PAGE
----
Medical Marijuana – The FDA Looses More Credibility
May 22, 2006
EDITORIAL, Cancer Monthly
The FDA is getting the reputation of letting drug company representatives make decisions for the country (see Financial conflict of interest disclosure and voting patterns at Food and Drug Administration Drug Advisory Committee meetings”), approving dangerous drugs (seephp?LinkID=5841&UserID=177847&Newsletter=1294&List=90&LinkType=Send' target='_blank'>Frontline interview with Sidney Wolfe, MD), and not performing follow-up on approved drugs (see “FDA says firms still lagging on follow-up drug studies”). Now, add to this list the fact that the FDA throws science out the window and makes decisions that have no basis in reality. This bureaucracy recently stated that “smoked marijuana has no currently accepted or proven medical use in the United States...” This statement was made apparently without any research and demonstrates that the needs of cancer patients play little if any role in the decisions of this disgraceful organization.
In 1999, the government’s own prestigious Institute of Medicine looked at this issue and published a report titled: “Marijuana and Medicine: Assessing the Science Base.” Their conclusions included, “The accumulated data indicate a potential therapeutic value for cannabinoid drugs, particularly for symptoms such as pain relief, control of nausea and vomiting, and appetite stimulation. The therapeutic effects of cannabinoids are best established for THC, which is generally one of the two most abundant of the cannabinoids in marijuana…The combination of cannabinoid drug effects (anxiety reduction, appetite stimulation, nausea reduction, and pain relief) suggests that cannabinoids would be moderately well suited for particular conditions, such as chemotherapy-induced nausea and vomiting and AIDS wasting.”
In fact, there are literally hundreds of articles that appear in the peer reviewed medical and scientific literature that discuss marijuana’s effects in pain relief, control of nausea and vomiting, and appetite stimulation. Just last month an article in the Journal of Ethnopharmacology concluded that, “Cannabinoids present an interesting therapeutic potential as antiemetics, appetite stimulants in debilitating diseases (cancer and AIDS), analgesics, and in the treatment of multiple sclerosis, spinal cord injuries, Tourette's syndrome, epilepsy and glaucoma.”
Beyond ameliorating the side-effects of chemotherapy, research also suggests that marijuana may play a role in killing cancer cells. Recent journal articles have discussed how the chemicals in marijuana (i.e. delta9-THC) suppress or inhibit the growth of a variety of cancer cells invitro including breast cancers cells, brain cancer (glioblastoma cells), and leukemia cells. See for example:
Breast Cancer – Cannabinoids and cancer
Leukemia – Targeting cannabinoid receptors to treat leukemia: role of cross-talk between extrinsic and intrinsic pathways in Delta9-tetrahydrocannabinol (THC)-induced apoptosis of Jurkat cells.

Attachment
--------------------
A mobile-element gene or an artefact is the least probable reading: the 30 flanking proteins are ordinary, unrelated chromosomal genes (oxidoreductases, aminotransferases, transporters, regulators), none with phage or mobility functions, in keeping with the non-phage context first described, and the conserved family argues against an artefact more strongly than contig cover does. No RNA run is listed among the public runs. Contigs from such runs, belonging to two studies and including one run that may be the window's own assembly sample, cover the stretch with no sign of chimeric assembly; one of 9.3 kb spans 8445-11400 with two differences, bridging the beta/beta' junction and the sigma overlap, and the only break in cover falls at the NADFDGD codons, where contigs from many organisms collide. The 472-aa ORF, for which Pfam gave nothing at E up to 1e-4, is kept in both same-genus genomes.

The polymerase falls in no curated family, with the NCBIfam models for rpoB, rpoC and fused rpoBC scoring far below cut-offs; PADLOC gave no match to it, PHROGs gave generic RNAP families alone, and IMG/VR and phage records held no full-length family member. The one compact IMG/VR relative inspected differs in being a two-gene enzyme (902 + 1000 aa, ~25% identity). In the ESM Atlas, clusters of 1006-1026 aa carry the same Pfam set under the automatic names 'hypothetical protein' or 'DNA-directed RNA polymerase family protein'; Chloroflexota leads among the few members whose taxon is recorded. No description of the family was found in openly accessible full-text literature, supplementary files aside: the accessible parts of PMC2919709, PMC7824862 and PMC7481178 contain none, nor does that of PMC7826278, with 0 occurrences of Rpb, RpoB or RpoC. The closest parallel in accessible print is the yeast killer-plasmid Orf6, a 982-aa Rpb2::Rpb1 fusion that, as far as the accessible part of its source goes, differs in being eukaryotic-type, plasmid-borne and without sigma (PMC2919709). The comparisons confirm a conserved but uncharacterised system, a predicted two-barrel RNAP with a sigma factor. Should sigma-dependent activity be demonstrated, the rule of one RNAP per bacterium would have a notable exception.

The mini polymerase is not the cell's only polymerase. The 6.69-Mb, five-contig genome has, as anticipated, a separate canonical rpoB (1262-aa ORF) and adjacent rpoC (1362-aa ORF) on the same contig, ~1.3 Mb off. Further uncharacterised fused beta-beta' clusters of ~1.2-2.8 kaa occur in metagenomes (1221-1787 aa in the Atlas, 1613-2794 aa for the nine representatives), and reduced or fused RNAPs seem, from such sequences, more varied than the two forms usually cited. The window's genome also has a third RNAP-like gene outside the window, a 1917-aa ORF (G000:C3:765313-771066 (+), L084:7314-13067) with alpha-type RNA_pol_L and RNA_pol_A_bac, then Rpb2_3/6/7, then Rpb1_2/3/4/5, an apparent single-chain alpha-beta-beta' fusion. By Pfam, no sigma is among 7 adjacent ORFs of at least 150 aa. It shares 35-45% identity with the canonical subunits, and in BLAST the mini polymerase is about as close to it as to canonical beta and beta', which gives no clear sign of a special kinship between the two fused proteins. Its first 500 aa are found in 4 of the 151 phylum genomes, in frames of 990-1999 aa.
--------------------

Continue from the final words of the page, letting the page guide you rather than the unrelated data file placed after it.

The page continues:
In fact, the knowledge that cannabinoids suppress Lewis lung carcinoma cell growth has been known for 30 years.
The FDA’s illogical position not only ignores peer reviewed medical research, but also disregards nearly 5,000 years of history. Cannabis has been used for medicinal purposes for over 4,800 years. Surviving texts from China, Greece and Persia confirm that its psychoactive properties were recognized, and the ancient doctors used it for a variety of illnesses and ailments. These included a whole host of gastrointestinal disorders, insomnia, headaches and as a pain reliever, frequently used in childbirth. In fact, cannabis was listed in the United States Pharmacopeia from 1850 until 1942. (For more background see Medical cannabis.)
The legal situation is now as confused as the political one. There is a split between the US federal and state governments over medical marijuana policy. On June 6, 2005, the Supreme Court, in Gonzales v. Raich, ruled in a 6-3 decision that Congress has the right to outlaw medicinal marijuana, thus subjecting all patients to federal prosecution even in states where the treatment is legalized. Not all Feds agree. In 1988, Francis L. Young, an administrative law judge with the Drug Enforcement Agency, declared that, “Marijuana, in its natural form, is one of the safest therapeutically active substances known to man. By any measure of rational analysis marijuana can be safely used within a supervised routine of medical care.” See In The Matter of Marijuana Rescheduling Petition Of Docket No. 86-22, September 6, 1988, pp. 58-59. Currently, there are eleven states with medical marijuana laws on the books: Alaska, California, Colorado, Hawaii, Maine, Montana, Nevada, Oregon, Rhode Island, Vermont, and Washington.
Obviously smoking marijuana is not risk-free especially to respiratory organs and tissue. However, compared to the risks of a typical chemotherapy agent such as cytoxan which includes: urinary bladder, myeloproliferative, or lymphoproliferative malignancies, potential sterility, urinary system hemorrhagic cystitis, hematuria, cardiac toxicity, anaphylactic reactions, significant suppression of immune responses, and sometimes fatal, infections; the risks of marijuana pale in comparison. And for cancer patients with advanced cancers who want to improve the quality of their life, a risk versus benefit analysis weighs heavily on the benefit side. Unfortunately, the FDA’s unsupportable position will only slow down the progress in researching the applications and efficacy of this plant in cancer.